If you see an answer with a net score of zero, it means one of three things:
- Not enough people saw the answer to read it, let alone vote.
- People read it, but thought, "Meh, this isn't bad, but it isn't good enough to warrant an upvote." Alternatively, they might have thought, "Meh, this isn't good, but it isn't bad enough for me to downvote."
- There were an equal number of upvotes and downvotes on the answer (you can see the number of upvotes and the number of downvotes at 1,000 reputation).
The first possibility, I'd guess, happens quite a lot. The answerer may have been "late to the party", so to speak, and answered long after the question was asked, or the answer was simply overshadowed by other answers that accumulated a lot of votes.
The second possibility simply means that the answer wasn't good or bad. (Yes, people are generally more willing to upvote than dowvote, which is why I included a caveat: some people won't want to give up one rep point.)
The third possibility means that the answer was controversial; this does happen, and means that people have quite strong views on it. If you check the vote count (once you reach 1,000 rep) and see that the voting's split, be wary, and read the comments under the answer to try to understand the disagreement.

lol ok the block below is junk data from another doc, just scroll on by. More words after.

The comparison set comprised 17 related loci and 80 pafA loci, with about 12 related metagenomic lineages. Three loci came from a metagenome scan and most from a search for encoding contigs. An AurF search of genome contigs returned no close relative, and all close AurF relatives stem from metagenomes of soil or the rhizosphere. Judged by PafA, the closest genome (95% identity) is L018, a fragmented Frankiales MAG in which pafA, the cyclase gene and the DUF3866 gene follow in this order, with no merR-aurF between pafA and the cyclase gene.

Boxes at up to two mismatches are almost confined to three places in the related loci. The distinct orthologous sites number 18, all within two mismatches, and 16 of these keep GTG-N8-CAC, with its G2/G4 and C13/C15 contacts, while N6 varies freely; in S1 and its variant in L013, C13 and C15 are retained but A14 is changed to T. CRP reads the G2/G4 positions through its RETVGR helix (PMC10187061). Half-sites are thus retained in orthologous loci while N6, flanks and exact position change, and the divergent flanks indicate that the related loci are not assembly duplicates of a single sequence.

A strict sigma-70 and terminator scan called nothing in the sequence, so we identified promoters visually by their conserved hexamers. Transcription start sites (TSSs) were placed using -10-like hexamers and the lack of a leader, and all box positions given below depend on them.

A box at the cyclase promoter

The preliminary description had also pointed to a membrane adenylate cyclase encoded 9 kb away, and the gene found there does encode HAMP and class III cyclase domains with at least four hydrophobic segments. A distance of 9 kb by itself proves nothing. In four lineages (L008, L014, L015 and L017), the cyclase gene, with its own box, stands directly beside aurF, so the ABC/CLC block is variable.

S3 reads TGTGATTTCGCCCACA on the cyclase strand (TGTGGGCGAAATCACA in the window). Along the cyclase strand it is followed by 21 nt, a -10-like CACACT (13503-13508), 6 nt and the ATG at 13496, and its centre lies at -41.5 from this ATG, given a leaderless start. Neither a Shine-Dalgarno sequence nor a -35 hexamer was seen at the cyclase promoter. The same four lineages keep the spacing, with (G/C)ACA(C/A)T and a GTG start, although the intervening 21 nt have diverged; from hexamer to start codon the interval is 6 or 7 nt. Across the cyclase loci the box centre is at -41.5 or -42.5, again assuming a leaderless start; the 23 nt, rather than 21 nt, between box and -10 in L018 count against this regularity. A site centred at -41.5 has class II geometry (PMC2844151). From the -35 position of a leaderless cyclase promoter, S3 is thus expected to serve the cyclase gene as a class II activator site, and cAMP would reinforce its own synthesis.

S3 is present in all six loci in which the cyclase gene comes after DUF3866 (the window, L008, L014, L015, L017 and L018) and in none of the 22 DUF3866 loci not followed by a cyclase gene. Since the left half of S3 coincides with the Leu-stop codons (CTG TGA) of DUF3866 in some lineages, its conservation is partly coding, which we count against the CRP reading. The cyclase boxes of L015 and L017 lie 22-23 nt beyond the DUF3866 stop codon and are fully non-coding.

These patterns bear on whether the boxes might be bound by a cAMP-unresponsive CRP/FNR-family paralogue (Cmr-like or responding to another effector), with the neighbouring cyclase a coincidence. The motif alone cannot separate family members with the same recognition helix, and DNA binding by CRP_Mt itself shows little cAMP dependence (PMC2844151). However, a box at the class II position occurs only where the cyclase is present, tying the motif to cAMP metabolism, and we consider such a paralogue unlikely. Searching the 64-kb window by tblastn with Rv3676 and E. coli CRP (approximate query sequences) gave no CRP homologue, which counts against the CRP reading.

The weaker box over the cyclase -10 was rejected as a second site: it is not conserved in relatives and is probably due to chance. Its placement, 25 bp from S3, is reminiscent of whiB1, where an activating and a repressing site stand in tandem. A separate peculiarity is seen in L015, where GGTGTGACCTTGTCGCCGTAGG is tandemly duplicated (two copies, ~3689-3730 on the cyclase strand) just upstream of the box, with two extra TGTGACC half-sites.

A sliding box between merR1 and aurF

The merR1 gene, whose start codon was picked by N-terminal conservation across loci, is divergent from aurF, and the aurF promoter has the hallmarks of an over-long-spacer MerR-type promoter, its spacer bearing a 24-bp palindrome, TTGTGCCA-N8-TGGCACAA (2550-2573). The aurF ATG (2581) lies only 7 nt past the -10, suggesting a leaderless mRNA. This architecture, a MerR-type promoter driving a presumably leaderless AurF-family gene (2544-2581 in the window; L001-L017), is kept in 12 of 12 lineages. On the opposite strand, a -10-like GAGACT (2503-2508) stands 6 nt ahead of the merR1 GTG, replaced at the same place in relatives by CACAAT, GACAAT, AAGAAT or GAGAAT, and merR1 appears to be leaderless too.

Using that as a segue, you really should judge for yourself the answer, if possible; always read the comments below it, and the answer itself in its entirety. You shouldn't decide to "trust" or "distrust" an answer based solely on how other people have voted. Votes don't always correlate with quality; some of my best answers (in my opinion) have gotten very few or no votes, while some of my less good answers have gotten inordinate amounts of upvotes. This is often due to a question getting onto the Hot Network Questions list, as knzhou pointed out.
The takeaway? Judge for yourself. See if you can follow the logic of the answer, and ask questions of the answerer in a comment if you don't fully understand it.
But the main point is, can I trust zero vote answers?
Treat/trust them no differently from one-vote, minus-one-vote, or X-vote answers: Judge them based on how well you can follow them. Don't choose to blindly trust them if you don't understand them; always investigate for yourself.